Flooring for damp cellar foor - what product

Hi I have a corridor like cellar, with a concrete floor which has broken in many places exposing damp dirt floor. This means I always bring dirt back upstairs when I come back.
The best plan would be to dig it up and put a damp proof course etc.
As I really don't use the cellar that much I would love to lay a "mat" with holes so that the floor can "breath" and more importantly not smell once it had been down there for a while.
Any ideas for the right product..
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First thing I would do is dig up the dead bodies. Next spread ample amounts of lime to eliminate residual odors. Before you pour a new layer of concrete make sure you put down wire screaning to strengthen the concrete pour. (It will also help deter those pesky police from digging it up)
Next and most important...................... errrrrr OOPS WRONG NEWS GROUP

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As money and time come available, just do a small area at a time. There is no point in removing the sound concrete.
Years ago, my parents basement had the same problem. In thier case, tree roots had first pushed the "slab" up and then when the tree died, the "slab" cracked into the void.

Why? That's a major job: bust up a lot of sound concrete; hawl the stuff away, prepare the base, and pour and finish it. You don't need it and the new slab might crack if you missed the cause of the first failure.

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you possibly cound inject goo into the cracks to seal it all up, bit by bit as the mood takes you. Acrylic or silicone presumably - or tar even.
But dont polythene it over, trapping damp like that will lead to mould, and some mould is toxic as well as pongy.
If you want to do it properly, sledge hammer out the old stuff and repour with insulation, dpc and expansion gaps.
NT
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snipped-for-privacy@yahoo.co.uk (Yitzak) wrote:

Cheap solution:
Polyethylene sheeting to keep the dampness down and then shipping pallets over that to store things on. If you plan to walk on it a lot, you can lay plywood over the pallets.
--
-JR
Hung like Einstein and smart as a horse
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wrote:

Target has floormats to wipe your feet on. Place one at the door and use it on the rare occasion you go down there. $5 sollution.
Steve B.
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"Steve B." wrote:

(The suggestion of a doormat is a good one, though.)
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Yitzak wrote:

Why do you want the floor to breath? The cheap solution would be to put down outdoor carpet, the kind that has a grass like texture which you often see trailer campers use under the awnings. Other wise put down 4 mil plastic and on top of that put 1/2 outdoor plywood. Or you could just use those fit together floor pads for shops (they have holes and come in bundles of about six 2'x2' squares.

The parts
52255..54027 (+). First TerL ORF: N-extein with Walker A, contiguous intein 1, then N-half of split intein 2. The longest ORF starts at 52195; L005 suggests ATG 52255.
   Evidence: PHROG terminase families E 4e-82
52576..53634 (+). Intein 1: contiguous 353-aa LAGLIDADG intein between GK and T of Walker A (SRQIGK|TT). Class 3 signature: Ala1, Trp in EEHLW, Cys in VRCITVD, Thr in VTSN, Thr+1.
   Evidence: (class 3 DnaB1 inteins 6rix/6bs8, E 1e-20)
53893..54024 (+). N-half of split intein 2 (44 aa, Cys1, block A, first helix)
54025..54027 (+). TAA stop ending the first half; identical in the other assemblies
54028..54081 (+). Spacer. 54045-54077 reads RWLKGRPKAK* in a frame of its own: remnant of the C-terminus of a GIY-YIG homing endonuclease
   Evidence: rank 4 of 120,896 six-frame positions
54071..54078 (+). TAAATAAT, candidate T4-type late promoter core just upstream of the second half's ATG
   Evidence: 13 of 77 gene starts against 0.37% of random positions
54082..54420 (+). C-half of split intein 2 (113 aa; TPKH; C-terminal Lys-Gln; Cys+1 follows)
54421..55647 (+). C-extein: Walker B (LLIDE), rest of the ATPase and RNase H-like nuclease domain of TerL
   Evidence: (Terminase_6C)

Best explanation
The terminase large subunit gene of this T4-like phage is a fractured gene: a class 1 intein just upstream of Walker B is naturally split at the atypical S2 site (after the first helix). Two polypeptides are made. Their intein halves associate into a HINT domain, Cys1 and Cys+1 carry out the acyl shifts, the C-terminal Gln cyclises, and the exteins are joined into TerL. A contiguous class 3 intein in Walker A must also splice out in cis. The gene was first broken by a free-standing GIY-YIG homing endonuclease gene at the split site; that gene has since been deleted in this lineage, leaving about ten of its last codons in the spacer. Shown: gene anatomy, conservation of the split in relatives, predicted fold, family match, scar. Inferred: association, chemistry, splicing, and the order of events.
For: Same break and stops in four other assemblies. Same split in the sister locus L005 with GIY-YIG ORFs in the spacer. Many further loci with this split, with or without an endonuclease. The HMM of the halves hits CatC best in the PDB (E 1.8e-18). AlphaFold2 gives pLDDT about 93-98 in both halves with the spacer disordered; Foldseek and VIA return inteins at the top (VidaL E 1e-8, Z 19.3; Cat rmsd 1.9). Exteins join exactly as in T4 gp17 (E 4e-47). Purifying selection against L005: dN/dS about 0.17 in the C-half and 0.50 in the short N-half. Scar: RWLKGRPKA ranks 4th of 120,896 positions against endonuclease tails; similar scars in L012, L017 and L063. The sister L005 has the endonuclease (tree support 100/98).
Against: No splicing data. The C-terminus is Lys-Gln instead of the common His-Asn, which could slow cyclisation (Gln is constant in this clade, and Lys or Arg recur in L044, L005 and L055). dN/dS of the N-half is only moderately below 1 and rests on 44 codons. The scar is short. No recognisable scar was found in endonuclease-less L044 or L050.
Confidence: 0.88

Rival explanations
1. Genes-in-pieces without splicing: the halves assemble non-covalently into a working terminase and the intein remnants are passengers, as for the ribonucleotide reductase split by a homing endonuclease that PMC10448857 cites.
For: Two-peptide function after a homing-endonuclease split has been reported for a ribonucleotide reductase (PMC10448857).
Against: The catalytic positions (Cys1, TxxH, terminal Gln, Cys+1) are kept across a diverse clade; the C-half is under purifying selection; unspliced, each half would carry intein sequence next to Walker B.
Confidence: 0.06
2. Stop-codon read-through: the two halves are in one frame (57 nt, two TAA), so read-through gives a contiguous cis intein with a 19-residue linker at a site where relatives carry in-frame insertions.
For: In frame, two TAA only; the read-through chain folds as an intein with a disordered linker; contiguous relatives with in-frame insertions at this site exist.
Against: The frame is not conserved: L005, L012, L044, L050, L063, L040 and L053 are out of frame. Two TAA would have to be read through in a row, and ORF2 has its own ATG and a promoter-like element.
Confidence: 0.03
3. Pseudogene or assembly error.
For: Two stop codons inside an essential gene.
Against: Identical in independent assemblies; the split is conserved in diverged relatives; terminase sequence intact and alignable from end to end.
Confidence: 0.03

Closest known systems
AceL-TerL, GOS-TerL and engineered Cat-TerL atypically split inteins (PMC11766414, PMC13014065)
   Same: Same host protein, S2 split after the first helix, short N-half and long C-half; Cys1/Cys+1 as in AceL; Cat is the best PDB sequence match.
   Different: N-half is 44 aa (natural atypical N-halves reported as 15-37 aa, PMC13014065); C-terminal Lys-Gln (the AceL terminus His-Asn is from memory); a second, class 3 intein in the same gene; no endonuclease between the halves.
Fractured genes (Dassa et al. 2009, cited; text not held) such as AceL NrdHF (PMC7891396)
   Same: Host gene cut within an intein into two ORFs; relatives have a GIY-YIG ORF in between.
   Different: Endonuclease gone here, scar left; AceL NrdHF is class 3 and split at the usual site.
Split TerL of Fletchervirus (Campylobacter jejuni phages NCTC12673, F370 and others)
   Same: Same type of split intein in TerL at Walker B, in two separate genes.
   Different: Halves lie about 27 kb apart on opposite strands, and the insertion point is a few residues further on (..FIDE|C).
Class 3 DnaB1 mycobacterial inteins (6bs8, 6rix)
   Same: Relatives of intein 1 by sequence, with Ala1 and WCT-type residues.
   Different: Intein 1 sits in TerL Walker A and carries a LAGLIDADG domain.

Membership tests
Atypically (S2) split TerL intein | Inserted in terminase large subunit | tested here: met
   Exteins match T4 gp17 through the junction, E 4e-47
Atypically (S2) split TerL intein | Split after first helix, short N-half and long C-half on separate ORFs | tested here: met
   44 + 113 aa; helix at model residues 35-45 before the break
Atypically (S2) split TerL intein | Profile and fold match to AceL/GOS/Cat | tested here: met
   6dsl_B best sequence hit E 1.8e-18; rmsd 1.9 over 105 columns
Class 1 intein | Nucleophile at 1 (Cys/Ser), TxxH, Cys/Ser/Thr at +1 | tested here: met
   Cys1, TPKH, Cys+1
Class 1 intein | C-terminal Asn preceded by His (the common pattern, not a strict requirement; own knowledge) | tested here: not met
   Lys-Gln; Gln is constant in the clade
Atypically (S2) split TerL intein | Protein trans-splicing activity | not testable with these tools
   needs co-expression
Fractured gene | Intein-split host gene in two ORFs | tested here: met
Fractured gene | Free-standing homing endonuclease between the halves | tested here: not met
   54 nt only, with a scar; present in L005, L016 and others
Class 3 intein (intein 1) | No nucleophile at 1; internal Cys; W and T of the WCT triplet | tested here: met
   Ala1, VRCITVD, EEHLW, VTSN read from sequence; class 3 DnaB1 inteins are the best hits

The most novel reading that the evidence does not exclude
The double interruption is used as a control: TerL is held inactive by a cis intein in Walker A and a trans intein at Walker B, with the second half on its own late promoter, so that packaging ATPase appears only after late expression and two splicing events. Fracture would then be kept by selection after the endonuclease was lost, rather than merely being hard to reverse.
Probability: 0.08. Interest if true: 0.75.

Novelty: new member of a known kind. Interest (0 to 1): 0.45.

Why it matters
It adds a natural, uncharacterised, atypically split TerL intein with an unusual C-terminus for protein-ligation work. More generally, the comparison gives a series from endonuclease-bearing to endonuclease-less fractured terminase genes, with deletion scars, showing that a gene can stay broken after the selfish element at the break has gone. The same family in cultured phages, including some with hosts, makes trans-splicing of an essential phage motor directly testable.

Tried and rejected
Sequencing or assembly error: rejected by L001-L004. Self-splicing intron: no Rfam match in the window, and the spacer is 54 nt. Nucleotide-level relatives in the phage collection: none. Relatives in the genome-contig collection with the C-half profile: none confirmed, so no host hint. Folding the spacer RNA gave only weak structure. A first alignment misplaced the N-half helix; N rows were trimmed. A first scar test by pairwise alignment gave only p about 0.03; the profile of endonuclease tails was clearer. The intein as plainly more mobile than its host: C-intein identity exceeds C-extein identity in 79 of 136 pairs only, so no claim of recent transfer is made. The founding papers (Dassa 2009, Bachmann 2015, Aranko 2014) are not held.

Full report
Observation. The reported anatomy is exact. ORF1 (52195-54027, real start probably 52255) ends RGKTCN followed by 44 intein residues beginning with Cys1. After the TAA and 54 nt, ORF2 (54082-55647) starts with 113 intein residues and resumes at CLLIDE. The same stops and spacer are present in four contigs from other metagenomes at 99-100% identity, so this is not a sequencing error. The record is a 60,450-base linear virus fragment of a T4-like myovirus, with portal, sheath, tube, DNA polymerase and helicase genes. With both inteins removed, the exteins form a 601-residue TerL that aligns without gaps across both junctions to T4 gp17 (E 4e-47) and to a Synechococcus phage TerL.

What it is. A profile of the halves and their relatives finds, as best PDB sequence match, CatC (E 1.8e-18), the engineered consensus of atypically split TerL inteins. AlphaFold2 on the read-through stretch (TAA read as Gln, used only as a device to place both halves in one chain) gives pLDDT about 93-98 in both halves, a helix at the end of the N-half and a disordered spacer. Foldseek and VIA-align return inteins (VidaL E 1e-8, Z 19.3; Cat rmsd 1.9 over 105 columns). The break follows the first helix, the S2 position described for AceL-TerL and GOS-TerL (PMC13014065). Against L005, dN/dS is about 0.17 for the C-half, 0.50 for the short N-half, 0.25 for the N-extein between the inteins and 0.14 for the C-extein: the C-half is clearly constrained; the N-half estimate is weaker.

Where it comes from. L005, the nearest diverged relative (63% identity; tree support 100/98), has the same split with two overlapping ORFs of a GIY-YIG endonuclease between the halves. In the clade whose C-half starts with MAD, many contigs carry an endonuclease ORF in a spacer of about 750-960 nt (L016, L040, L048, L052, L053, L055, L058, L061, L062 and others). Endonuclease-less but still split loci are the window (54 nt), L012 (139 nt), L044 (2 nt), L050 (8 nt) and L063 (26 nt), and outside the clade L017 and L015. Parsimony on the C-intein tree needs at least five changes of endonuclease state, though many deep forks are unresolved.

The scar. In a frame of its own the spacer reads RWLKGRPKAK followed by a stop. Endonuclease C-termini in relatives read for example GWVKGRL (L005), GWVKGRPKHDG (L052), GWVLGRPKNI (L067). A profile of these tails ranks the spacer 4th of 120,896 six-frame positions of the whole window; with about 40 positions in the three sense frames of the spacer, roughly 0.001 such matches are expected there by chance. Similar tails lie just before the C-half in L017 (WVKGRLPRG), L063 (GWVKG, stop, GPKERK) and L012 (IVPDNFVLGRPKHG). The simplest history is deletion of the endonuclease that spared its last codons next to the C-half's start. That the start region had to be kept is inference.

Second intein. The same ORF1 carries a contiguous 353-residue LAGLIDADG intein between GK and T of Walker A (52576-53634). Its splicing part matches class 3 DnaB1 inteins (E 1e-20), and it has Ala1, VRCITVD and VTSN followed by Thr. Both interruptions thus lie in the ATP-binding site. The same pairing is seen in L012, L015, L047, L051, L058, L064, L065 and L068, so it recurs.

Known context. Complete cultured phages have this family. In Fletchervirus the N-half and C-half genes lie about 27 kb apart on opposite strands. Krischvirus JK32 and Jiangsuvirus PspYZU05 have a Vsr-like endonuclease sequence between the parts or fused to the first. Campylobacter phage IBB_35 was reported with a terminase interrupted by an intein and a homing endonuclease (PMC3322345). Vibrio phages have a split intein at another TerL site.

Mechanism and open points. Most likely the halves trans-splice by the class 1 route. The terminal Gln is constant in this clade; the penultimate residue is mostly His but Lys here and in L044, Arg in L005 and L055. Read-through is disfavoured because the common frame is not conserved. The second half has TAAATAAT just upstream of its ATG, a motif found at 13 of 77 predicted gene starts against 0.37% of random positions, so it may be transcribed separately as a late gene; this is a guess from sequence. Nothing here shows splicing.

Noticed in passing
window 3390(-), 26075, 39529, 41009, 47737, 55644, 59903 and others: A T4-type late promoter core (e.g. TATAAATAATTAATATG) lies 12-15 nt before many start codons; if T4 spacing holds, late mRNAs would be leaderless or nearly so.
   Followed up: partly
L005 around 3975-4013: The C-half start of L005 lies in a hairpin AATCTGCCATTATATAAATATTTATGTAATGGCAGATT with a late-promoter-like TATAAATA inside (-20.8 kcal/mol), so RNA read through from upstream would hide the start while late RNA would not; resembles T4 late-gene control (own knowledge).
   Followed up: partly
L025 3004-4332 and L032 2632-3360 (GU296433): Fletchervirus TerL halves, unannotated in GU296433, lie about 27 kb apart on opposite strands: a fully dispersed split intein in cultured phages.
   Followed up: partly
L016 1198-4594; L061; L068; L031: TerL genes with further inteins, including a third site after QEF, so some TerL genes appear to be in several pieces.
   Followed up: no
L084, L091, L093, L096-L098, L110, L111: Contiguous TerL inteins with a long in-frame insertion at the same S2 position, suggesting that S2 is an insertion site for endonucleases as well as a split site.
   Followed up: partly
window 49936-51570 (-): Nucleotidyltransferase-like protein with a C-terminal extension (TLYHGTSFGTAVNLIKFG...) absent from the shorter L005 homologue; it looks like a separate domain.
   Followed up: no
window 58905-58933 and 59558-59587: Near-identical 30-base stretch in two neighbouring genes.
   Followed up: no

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===============A short term solution........
Keep a pair of wellies at the top of the cellar steps. Many people do this for their gardens so why not do the same for your rare excursions into the cellar?
Cic.
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Thanks for all the posts
Bit worried about the fella - with knowledge of decaying bodies :-)
To answer some of the questions them, its quite cramped down there and musty. If the floor doesn't breathe - it will end up stinking like any textile I've stored down there even in plastic bags. It does get some ventilation but not enough.
I don't want the dirt and hasle of laying concrete as access is only through the house. Should have done this before I did teh house up. Stupid!!
But the extending the mat idea to a long role of perforated "grid like" will give me acess to all the cellar and I can store stuff on it so it doesn't get damp.
Its just finding the right material
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Yitzak wrote:

I don't want my cellar floor to breathe. I live in the NE of the USA, and radon gas is a big problem here. We are advised to seal all cracks to prevent radon from seeping through.

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Yitzak wrote:

Solution 1: 4-6 mil poly sheeting on top of existing floor. 1/2 plywood on top of that. A dehumidifier set at about 55-60% RH.
Solution 2: Break out old concrete in areas where damaged (preferably in a nice even square or rectangular shape). Dig out some dirt (8-10" deep) and level hole bottom. 3-4" of pea gravel or 3/4" stone (whichever is cheapest in your area) tamped down. 2" Syrofoam SM Type 2 cut to fit 4-6 mil poly sheeting or other rubber/bituminous membrane. 3-4" 2500psi or better concrete (with rebar mesh if required by code) A dehumidifier set at about 55-60% RH.
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HEY!!! At least I dont go around calling myself "John Smith" at least you could use a more creative Nom de guerre ; - )

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